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Tuesday January 08, 2019
CBD Explained

Psychotoxic drugs are the ones that make you intoxicated, high, give you feelings of euphoria, make you buzzed. They affect you mentally in different ways depending on the type of drug. They can be doctor prescribed drugs such as barbiturates and amphetamines, as well as illegal drugs like LSD and heroin. Marijuana is in this psychotoxic category too. CBD is not.

Cannabis AKA marijuana is a leafy plant which grows wild in many of the tropic and temperate areas of the world. These days it's cultivated both indoors and out all over the world for production. The most commonly used form of cannabis are the leaves and flowering tops (buds) which can be either smoked or eaten; It also comes in a more concentrated resinous form called hashish, and as a sticky black liquid called hash oil.

Marijuana is the dried leaves and flowers of the cannabis plant.
Marijuana is the most common and least potent form of cannabis. (Less potent than hashish or hash oil)
There are three distinct species of cannabis: Cannabis Sativa, Cannabis Indica, and Cannabis Ruderalis, though there is some argument as to whether these should be considered varieties rather than species. Most recreationally used cannabis is the result of interbreeding between these three types. The term 'hemp' is generally used to describe low-THC varieties of cannabis which is grown for industrial uses.
First known use of marijuana: 1783
Cannabis, has pretty much always been referred to as marijuana. It has been an integral part of human civilizations for millennia. After all, marijuana is the most popular illicit drug in the world - both as a medicine, and as a recreational drug. Today the prohibition of marijuana is beginning to give way to decriminalization and legalization.

Marijuana is classified as a depressant drug. Depressant drugs do not necessarily make you feel depressed. Rather, they can slow down the activity of the central nervous system and the messages going between the brain and the body.

Alcohol is also a depressant. Depressants don't make you feel depressed - they depress things like your inhibitions.
This is the cool part about cannabis:
The cannabis plant is a chemical compound powerhouse! It produces more than 400 different compounds. Not all of those compounds are unique to cannabis - the same compounds appear in many other species of plants. That's why marijuana can smell like pine trees or taste like fresh lemons. But of those 400 compounds, more than 60 compounds are completely specific to the plant genus Cannabis. Scientists call these special compounds cannabinoids.

There are only two main types of cannabinoids:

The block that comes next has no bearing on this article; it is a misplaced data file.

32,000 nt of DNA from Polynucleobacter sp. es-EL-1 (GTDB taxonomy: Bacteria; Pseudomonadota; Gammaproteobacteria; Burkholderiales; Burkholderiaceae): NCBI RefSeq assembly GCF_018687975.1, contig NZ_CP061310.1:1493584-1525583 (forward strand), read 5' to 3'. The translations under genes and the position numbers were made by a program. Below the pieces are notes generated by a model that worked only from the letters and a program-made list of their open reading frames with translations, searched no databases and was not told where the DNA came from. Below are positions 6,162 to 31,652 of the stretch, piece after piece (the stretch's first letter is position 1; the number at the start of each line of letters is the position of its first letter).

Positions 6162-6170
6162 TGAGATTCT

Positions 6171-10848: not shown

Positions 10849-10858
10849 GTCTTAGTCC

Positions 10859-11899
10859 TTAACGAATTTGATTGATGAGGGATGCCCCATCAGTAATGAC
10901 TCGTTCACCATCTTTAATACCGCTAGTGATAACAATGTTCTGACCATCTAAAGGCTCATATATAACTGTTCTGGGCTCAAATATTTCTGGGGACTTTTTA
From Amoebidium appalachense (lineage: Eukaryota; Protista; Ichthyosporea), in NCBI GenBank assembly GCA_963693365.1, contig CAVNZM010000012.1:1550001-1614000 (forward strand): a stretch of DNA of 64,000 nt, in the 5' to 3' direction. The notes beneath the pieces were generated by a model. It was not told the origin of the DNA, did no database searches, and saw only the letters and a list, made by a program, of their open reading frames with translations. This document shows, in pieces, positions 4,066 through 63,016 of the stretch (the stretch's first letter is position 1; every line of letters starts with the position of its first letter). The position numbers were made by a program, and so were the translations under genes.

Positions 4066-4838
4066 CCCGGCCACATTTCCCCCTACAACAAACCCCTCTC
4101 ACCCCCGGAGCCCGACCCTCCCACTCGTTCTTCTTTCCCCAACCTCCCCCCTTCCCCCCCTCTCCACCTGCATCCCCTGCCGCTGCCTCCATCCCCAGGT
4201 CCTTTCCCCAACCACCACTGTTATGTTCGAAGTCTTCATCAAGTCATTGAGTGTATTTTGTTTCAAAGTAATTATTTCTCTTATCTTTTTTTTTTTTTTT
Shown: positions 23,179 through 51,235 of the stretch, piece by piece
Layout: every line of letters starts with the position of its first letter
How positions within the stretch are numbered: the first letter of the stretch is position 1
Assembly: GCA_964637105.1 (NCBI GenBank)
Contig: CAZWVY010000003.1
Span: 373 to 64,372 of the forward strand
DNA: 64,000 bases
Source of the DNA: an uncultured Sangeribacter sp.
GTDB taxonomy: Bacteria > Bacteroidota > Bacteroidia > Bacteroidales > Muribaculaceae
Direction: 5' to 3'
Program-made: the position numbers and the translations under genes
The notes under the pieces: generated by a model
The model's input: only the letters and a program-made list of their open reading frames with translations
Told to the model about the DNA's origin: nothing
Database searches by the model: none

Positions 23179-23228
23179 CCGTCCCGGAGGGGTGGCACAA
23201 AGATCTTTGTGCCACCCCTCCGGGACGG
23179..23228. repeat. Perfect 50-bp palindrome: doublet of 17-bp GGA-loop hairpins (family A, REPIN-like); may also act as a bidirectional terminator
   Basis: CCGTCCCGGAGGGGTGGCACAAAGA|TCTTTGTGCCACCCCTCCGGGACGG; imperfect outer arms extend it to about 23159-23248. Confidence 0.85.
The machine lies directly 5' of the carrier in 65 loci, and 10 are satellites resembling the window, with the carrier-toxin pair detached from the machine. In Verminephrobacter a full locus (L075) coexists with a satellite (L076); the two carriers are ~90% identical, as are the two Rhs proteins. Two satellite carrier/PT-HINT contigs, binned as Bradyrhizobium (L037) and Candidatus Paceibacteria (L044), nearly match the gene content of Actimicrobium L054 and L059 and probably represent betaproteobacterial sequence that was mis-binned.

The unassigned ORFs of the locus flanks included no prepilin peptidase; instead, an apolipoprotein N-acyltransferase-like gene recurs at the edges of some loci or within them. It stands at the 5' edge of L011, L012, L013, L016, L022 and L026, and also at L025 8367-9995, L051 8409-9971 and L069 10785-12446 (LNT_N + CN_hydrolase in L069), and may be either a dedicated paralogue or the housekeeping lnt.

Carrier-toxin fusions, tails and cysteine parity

1. Cannabinoids produced in the cannabis plant (60 completely different ones)
2. Cannabinoids produced naturally in the human body.

That's right: Cannabinoids are naturally produced in the human body!

Cannabinoids produced naturally by the human body are called Endocannabinoids. Endo stands for endogenous; which means originating within the body
Cannabinoids are also produced in Cannabis plants (THC, CBD, and others). The Greek root "phyto" means plant. The cannabinoids in marijuana are phytocannabinoids
There are over 100 different phytocannabinoids in a cannabis plant. However, not all cannabinoids are created equal.

THC is the compound most often associated with marijuana. TCH is what gets you high. It is one of the most prevalent cannabinoids found in the plant - sometimes occurring at concentrations up to 30%.

One of the other main ones is cannabidiol (CBD). Growers have managed to breed strains with high levels of CBD (10-20%).

CBD has received a lot of attention for its medical benefits and having a lack of psychotoxic effects.

The wide variety of medicinal and therapeutic things you've heard about marijuana - CBD holds the key to.

CBD can be extracted from either industrial hemp or marijuana

The endocannabinoid system runs throughout your body. And it's loaded with receptors that bind to the cannabinoids you introduce to your bloodstream when you consume cannabinoids. Cannabinoids from the cannabis plant interact with our bodies thanks to this network of neurons. Using the same pathways already in the brain and body called cannabinoid receptors.

Unlike THC, CBD doesn't bind to CB1 receptors in the brain. CBD only binds to CB2 receptors that are found throughout the body. Cannabinoid Receptors

Without distorting the science too much, you could say that human beings are "hard-wired" for cannabinoids. The endocannabinoid system runs deep and touches all of the major systems of the body. And that's why cannabinoids can do so many things for us, from altering and regulating moods to stimulating appetites and reducing pain.

CBD has no toxicity for humans, it is highly reactive with the endocannabinoid system.

To put things as simply as possible, CBD makes things happen. When it binds to the endocannabinoid system's receptors, it stimulates all kinds of changes in the body

Most of those changes are incredibly beneficial, and researchers keep uncovering real and potential medical uses for them.

The endocannabinoid system is a network of neurons that our bodies already have established.

These receptors and cannabinoids can be thought of as a lock-and-key system. Cannabinoids bind to cannabinoid receptors like a key fits into a lock. Unlocking the receptor causes changes in how cells function, leading to different effects in the body.

When marijuana or CBD enters your body, cannabinoids activates the endocannabinoid system by attaching to cannabinoid receptors.

The functions of the endocannabinoid system help explain the effects of the cannabinoids. The endocannabinoid system is involved with regulating appetite, sleep, pain, mood, memory, and much more.

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